“How can I get my folks to be more professional? I feel like how I think they should look and behave is not important to them. They just want to be their “authentic” selves … no matter how UNprofessional I think they look and act. Help!”
There are three things I suggest you do as you’re thinking about how to work through this notion of professionalism.
The first is to check yourself, meaning that we all have different lenses for how we view the word “professional” depending on a lot of things, including power and privilege as it has to do with our cultural backgrounds. So how you think about “professional” in this day and age is very different from just a few years ago, or even a few years before that. Really ask yourself – what is it that you bring to the table about expectations around the term “professional”? And is that congruent with the times we find ourselves in right now and the people we’re working with right now? Really ask yourself if “professional” is the right word you’re looking for.
This brings me to point number two. I want to encourage you to start thinking about impact and effectiveness versus professionalism. In other words, when you’re thinking about how your people dress and act, ask them and ask yourself – are they having the impact and the effectiveness they want to have in order to meet whatever the work goal is? If they’re not having the impact and effectiveness, then maybe there’s something we should consider in terms of how we look, how we operate, how we talk, that can be changed, so that we become more effective, with a greater impact.
So instead of this amorphous term we call “professional”, start to measure impact and effectiveness. And then reverse engineer that to discover how we can best look, act, and be in order to be most effective. Sometimes it has to do with traditional ways of being “professional” and acting “professional”. But a lot of times it is much more about the particular work, the particular conversation, the particular thing that you are doing.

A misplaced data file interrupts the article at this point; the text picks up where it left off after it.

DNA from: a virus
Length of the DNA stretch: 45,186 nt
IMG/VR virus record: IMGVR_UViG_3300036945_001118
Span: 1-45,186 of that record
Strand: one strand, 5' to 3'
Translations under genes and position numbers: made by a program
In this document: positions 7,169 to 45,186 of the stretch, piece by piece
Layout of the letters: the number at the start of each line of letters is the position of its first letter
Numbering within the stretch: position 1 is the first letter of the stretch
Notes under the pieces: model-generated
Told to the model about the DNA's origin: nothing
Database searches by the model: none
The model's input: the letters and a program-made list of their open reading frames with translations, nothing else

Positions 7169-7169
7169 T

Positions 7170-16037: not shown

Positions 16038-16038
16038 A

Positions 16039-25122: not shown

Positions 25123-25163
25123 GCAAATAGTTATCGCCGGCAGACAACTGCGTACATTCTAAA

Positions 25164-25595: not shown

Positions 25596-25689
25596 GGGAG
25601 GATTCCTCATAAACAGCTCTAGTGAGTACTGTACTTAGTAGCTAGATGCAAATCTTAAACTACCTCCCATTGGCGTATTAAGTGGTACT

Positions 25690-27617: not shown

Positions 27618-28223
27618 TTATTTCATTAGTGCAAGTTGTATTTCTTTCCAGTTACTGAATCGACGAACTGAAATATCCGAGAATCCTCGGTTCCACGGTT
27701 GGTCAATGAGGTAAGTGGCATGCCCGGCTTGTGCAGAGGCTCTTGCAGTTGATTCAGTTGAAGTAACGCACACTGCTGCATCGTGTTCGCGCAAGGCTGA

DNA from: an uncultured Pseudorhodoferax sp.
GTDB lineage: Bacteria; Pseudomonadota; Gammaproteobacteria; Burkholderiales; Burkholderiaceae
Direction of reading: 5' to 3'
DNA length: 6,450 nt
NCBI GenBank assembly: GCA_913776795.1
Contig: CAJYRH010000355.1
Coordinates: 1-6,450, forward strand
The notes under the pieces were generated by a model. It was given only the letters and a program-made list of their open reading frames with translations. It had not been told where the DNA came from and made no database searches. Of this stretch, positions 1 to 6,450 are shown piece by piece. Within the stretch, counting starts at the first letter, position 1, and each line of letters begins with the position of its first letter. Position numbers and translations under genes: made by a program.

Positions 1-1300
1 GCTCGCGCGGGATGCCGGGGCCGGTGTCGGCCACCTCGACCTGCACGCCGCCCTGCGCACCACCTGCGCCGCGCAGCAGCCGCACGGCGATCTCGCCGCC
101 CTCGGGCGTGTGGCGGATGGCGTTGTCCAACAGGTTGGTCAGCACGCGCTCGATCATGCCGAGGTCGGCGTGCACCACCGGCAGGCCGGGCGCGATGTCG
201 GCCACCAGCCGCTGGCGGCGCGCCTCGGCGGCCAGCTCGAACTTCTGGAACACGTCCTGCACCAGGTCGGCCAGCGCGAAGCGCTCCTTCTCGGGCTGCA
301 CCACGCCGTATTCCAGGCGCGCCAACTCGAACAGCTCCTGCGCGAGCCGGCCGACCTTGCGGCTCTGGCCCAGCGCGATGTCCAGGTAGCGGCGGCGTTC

And then the third strategy I want to share with you is to make sure you and your team are doing the DEI work – the Diversity, Equity and Inclusion work. When we start raising our own awareness of cultural biases, both intended and unintended, and the micro aggressions and macro aggressions that are associated with not getting that right, we start to really understand that a term like “professional” is a hollow word. It has to do with our own perspective.
There’s a great quote from Anaïs Nin who said, “We don’t see things as they are, we see them as we are.” And that’s what we’re doing with the term “professional”. We are looking through a lens that may not be what we need it to be any longer. So really stick with impact and effectiveness as opposed to just being “professional”. And a big part of that is doing the DEI work and that deep dive into what we bring to the table in terms of expectations of each other.
For more, take a look at my recent blog post, Professionalism: What the Hell?, where I really get into more about the nuance of the term “professional”.